Who will win?

Four colourful dragon boats on a lake in Nanjing.
Dragon boats, by Jonathan O’Donnell on Flickr

In the last week, academics around Australia have been receiving referee reports from the Australian Research Council. Yesterday, I read just over 50 of these reports. Today I spoke to my boss about them. I said that, in general, I was happy with them. We talked about some specific applications and some specific comments in the assessments. Then, right at the end of the call, he asked me the question that I’d been dreading.

So, who do you think will win? What do you think our chances are?

Don’t ask me that. Please, don’t ask me that. In the same way that I can’t tell an academic if they’ll get the grant or not, I can’t tell my boss, out of all our applications, who will win. I can tell who got positive comments and who didn’t, which might allow you to make your own educated guess. I can tell you who, in my opinion, deserves to win. But I don’t pick winners. Here’s five good reasons why.

1. It’s just a guess

While I may appear to have data to work on, I don’t really. Yes, I have read all the applications. I knew them intimately back in March when they were submitted. Now, not so much. Yes, I have just read all the reports on those applications. I’ve gone through each one and carefully highlighted the negative points, the points that might kill an application. While that might seem like a lot of useful data, there are three very important things missing:

  • I don’t know what scores each application has received. In Australia, we get to see the assessor comments, but we don’t get to see their scores. Both scores and comments are taken into account.
  • I don’t know what the College of Experts thinks of the applications. Since their opinion counts for 50% of the overall score, that’s a fairly important consideration.
  • I don’t know what the competition is like. That is, I haven’t read all the other applications that are vying for funding. Given that our applications are, by definition, a skewed sample, that seems to be a big hole in the data.

So, in fact, I have precious little data to go on. If I picked winners, I would just be guessing. You wouldn’t want me to guess, would you?

2. It serves no purpose

While it may seem to be a fun little exercise, it actually serves no purpose. I’m happy to work out who should apply. I’d be glad to talk about who is at what stage of their research career, who needs mentoring, and who should be the Lead CI. All of those things are useful topics of conversation. All of them are useful things to discuss and plan. We can have some effect in all of those areas. We have no power over pending applications. Pending applications are out of our control. It doesn’t matter what we say – it will make no difference to the final outcome. We can’t plan in a space we don’t control. Whatever you do, don’t use my personal opinions as planning data. Don’t say, “So, we might get three or four then.” That sets up an expectation. It is too easy for that phrase to slip into an email, which someone else then adds to a document, which makes its way into a plan. Before you know it, we have a target of “3-4 successful grants in the Blah-blah Scheme”. That’s not planning. That’s professional suicide.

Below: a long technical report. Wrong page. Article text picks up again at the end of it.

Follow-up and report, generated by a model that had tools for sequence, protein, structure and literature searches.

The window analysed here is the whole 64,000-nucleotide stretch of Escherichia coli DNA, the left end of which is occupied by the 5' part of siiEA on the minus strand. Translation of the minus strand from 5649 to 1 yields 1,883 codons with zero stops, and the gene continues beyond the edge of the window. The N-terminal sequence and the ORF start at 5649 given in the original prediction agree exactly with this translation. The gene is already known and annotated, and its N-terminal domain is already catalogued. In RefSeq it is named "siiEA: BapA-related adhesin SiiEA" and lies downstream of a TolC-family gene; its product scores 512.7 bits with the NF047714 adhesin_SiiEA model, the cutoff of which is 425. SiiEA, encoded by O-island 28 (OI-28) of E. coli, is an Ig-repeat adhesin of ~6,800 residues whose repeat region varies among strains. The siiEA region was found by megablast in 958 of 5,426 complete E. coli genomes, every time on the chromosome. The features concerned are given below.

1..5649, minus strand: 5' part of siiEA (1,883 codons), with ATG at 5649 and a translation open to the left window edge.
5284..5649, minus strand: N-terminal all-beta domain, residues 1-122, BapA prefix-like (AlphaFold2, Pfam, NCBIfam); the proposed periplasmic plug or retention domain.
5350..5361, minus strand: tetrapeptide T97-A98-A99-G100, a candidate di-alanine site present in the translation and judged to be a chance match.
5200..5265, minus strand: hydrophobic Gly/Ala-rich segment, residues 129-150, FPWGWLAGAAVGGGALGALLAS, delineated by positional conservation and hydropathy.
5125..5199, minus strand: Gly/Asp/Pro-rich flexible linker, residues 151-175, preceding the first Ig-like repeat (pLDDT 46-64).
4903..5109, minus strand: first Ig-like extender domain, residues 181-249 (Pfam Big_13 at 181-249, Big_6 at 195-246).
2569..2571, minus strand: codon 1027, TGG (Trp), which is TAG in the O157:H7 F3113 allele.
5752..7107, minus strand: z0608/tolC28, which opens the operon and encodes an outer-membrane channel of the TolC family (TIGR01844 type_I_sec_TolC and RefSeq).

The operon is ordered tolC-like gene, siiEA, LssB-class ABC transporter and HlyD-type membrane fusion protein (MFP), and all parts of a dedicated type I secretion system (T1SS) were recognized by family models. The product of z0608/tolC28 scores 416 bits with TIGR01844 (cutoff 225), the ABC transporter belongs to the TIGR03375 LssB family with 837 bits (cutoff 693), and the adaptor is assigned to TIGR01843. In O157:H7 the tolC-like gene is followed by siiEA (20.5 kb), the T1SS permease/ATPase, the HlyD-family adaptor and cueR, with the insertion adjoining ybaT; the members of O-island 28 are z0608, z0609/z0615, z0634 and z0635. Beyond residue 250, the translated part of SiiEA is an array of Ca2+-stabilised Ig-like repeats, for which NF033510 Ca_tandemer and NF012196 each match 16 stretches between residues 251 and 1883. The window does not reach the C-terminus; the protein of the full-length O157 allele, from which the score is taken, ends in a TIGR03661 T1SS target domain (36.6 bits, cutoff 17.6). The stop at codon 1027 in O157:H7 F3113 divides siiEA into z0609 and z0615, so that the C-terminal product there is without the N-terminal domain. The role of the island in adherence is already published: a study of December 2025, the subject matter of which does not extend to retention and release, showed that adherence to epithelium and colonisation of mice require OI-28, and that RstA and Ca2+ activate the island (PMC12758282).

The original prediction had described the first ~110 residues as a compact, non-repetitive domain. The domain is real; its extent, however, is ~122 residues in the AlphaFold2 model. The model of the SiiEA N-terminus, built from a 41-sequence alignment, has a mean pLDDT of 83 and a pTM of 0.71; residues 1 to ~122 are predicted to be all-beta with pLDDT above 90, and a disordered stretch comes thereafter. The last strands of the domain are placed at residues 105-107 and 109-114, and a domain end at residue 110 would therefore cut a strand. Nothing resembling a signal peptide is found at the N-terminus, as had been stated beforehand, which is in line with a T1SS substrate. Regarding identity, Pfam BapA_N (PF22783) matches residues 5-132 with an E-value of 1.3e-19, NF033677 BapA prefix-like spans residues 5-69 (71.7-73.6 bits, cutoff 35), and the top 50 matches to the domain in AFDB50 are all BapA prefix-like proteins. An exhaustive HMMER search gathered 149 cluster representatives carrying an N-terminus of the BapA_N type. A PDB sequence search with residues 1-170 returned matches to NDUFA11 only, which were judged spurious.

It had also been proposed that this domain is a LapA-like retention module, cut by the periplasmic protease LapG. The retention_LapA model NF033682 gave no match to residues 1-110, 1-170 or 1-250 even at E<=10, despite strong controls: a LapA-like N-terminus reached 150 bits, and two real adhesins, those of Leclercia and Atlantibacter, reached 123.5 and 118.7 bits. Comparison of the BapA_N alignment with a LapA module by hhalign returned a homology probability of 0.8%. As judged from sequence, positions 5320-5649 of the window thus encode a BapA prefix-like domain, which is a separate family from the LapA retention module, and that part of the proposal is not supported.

3. It is a secret

You are asking me to have a conversation with you that I would never have with the applicants. While sometimes it is necessary to keep secrets, for the most part they just skew relationships and lead to disappointment. I want to talk to you about things that I can talk to other staff about. Even when, for reasons of professional confidentiality, I can’t talk to others, I still want to feel that they would be happy with the topic of conversation. I want to be proud of what I do, and part of that is feeling that I am working in an open and honest way. I don’t think anyone would be happy to know that I was guessing who might win, for no good purpose.

4. I don’t care

This may sound strange, but I don’t really care who will win. OK, that’s not quite true. I have my favourites, and I know who I think deserves to win, but I try to maintain a sense of professional detachment. I have to give every applicant the best advice and assistance that I can. So, I try hard not to play favourites. I don’t care if you were an arrogant applicant who didn’t listen to a word I said when you wrote your application. The rejoinders are in and now it is time to work together again, to do the best we can. Whether I like you personally or I would never want to have a drink with you outside work, I don’t care. Or more accurately, I care equally. Which leads me to my final point.

5. It is a betrayal

Most importantly, it feels like a betrayal. While we don’t have enough information to predict who might win, we can make an educated guess of who will lose. While a good rejoinder can do a lot to push an application over the line, it can’t do everything. If the assessments are bad enough, then there probably isn’t much that the rejoinder can do to help. So, really, you are asking me:

Who will lose?

I don’t want to go there. I really don’t. Over the next two weeks, I’m going to work hard with these applicants. It will be close, concentrated work helping them to write and rewrite their rejoinders. I’ll provide them with support and encouragement, give them advice, and it’ll be honest advice. To do that, I need to believe that they can win. And I do. I believe that all my applications can win. Despite all evidence. Despite experience. Don’t ask me to betray that belief. Don’t ask me who can win. For me, right now, they all can.

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